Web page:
But critics within the academy cited its founding statues, which allow work with “non-Catholic and non-Christian medical experts, so long as they recognize the essential moral foundation of science and medicine in the dignity of man and the inviolability of human life from conception to natural death.”
In his letter to Bishop Carrasco, Prof. Seifert stated his reasons for considering Feb. 24 as the lowest point in the pro-life academy's history.
He corroborated Wilson's account of the discussions about infertility that took place, saying they disregarded ethical norms of the natural law in favor of a supposedly “neutral” viewpoint. Five out of the seven papers delivered, he said, “stood in flat contradiction to Church teaching on morals.”
“The contraceptive pill was praised if taken for a while and introduced as a healthy means for restricting periods of fertility,” Seifert recalled. In vitro fertilization, artificial insemination, and related technologies “were presented as morally acceptable and as major achievements.”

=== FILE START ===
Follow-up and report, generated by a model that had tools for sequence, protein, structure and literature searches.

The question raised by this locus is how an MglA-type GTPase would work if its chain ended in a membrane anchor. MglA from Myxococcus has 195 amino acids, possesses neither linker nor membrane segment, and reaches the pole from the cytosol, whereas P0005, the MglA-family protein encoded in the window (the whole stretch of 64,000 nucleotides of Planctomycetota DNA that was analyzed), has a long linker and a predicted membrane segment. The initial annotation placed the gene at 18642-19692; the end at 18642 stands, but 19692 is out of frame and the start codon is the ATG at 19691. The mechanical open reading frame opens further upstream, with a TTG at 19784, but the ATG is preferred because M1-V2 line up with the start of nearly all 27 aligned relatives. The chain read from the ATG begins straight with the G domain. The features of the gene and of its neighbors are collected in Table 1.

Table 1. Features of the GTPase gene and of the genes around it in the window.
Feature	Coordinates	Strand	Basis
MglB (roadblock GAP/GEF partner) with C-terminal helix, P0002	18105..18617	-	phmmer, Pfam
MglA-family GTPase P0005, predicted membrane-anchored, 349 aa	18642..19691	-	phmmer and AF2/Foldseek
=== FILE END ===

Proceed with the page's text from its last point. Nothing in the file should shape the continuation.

These presentations, he said, were “propaganda for everything the Church condemns in this field,” and they had “no legitimate place in our academy.”
Seifert also accused the academy of dismissing pro-life objections to the canceled stem cell conference as “useless controversies,” and responding with “cynical mockery” to those who raised concerns about the infertility conference.
“Instead of offering refunds to participants who had been gravely misled and wasted their money to attend a Planned Parenthood-like meeting under the auspices of the Pontifical Academy for Life, these unhappy participants were brutally told, if they did not like what they heard, not to return next year.”
This same attitude, he said, was evident in the tone of the letters that announced the cancellation of the April 2012 stem cell conference.
These factors, Seifert told Bishop Carrasco, made it understandable that some members of the academy should look for signs of repentance – including not only apologies, but possibly resignations as well.
The professor's remarks may soon spark a larger conversation about the academy's direction. In a post-script to the letter, he told Bishop Carrasco he was encouraging “all my fellow members in the academy to let you know to which extent they agree with the contents of this letter.”